Water is so integral to life that the molecule is even necessary to keep DNA—the genetic code that determines the characteristics of all living things—hydrated. Scientists knew water closely surrounded the DNA helix, but until now hadn’t definitively observed the “spine” of water molecules just at its surface with optical spectroscopy.
Scientists have been aware since Watson and Crick first reported the double helix structure of DNA in 1953 that water had an important relationship with the biomolecule. But finally observing the spectroscopic signature of the column of water is a breakthrough with implications for cancer drugs and other biomedical research.The discovery, “DNA’s Chiral Spine of Hydration,” was published May 24 in the American Chemical Society journal Central Science.
Poul Petersen, of Cornell University, used chiral sum frequency generation spectroscopy (SFG) to observe the collection of water molecules, and Corcelli’s lab created the simulations that aided in interpreting the results. Steven Corcelli, professor in the Department of Chemistry and Biochemistry, was among a group of researchers who observed this chiral column of water molecules along the minor groove in a DNA molecule—the place where the backbones of the DNA spiral are close together. DNA is chiral, which means it is asymmetric (it’s actually right-handed) and it can’t be superimposed on its mirror image. The researchers discovered the water column at the surface followed the same structure.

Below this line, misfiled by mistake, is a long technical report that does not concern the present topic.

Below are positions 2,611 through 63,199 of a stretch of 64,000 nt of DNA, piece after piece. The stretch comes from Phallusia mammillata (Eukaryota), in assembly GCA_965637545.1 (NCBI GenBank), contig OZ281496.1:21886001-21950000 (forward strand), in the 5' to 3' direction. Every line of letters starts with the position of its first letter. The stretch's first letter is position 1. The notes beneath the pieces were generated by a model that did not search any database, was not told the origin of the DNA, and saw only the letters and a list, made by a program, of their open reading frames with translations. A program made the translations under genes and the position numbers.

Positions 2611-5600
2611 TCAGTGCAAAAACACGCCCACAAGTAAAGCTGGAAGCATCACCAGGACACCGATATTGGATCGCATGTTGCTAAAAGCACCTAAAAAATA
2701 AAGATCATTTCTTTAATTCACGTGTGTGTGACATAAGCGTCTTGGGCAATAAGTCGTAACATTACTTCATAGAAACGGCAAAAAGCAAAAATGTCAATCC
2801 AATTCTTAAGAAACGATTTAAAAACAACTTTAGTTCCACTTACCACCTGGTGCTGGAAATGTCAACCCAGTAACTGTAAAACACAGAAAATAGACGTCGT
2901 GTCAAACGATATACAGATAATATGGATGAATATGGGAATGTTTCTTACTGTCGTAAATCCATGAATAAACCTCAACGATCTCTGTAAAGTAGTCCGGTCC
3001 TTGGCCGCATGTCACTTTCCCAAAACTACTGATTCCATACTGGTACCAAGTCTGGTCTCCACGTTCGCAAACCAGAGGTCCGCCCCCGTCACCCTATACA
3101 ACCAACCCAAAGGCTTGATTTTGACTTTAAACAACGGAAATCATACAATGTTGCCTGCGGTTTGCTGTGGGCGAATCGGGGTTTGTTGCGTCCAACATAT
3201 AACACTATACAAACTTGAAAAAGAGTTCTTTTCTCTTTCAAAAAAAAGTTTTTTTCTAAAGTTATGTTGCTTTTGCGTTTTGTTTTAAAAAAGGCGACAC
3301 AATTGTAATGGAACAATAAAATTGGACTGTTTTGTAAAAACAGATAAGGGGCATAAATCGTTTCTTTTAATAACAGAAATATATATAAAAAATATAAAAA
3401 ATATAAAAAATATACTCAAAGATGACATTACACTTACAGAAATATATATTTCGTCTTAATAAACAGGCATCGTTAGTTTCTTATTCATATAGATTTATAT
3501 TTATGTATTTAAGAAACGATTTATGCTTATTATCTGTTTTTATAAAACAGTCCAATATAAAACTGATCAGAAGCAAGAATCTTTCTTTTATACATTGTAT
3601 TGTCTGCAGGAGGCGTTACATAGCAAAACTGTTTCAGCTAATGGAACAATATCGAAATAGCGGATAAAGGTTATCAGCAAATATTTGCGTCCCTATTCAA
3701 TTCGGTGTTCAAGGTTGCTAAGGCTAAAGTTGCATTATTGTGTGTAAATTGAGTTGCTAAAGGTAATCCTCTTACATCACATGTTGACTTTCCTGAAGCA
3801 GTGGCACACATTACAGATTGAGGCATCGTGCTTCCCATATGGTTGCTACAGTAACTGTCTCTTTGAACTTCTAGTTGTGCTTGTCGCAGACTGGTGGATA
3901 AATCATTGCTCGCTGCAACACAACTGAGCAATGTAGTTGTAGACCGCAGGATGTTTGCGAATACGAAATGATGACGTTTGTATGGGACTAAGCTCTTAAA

“Certain drugs need to bind to the DNA, and the water needs to re-orient itself to move out of the way,” Corcelli said. “Now we will be able to better understand the role of water when small molecules bind to DNA.”
SFG is a method in which two photon beams, one visible and infrared, are aimed along different lines at the sample. Their interaction creates a beam that is the sum of the two beams’ frequencies. Manipulation of the beams by Petersen’s lab, along with various calculations and simulations by Corcelli’s lab, proved the existence of the chiral water structure.
Next steps for the research include time-dependent versions of the experiment that will provide new insights about the motion of water in the grooves of DNA, as well as observing other chiral structures composed of several molecules.
“I’m particularly excited that this technique will allow us to study the detailed structure and dynamics of water in the minor groove,” Corcelli said. “This will give us a fresh understanding of the role of water in the biophysics of DNA.”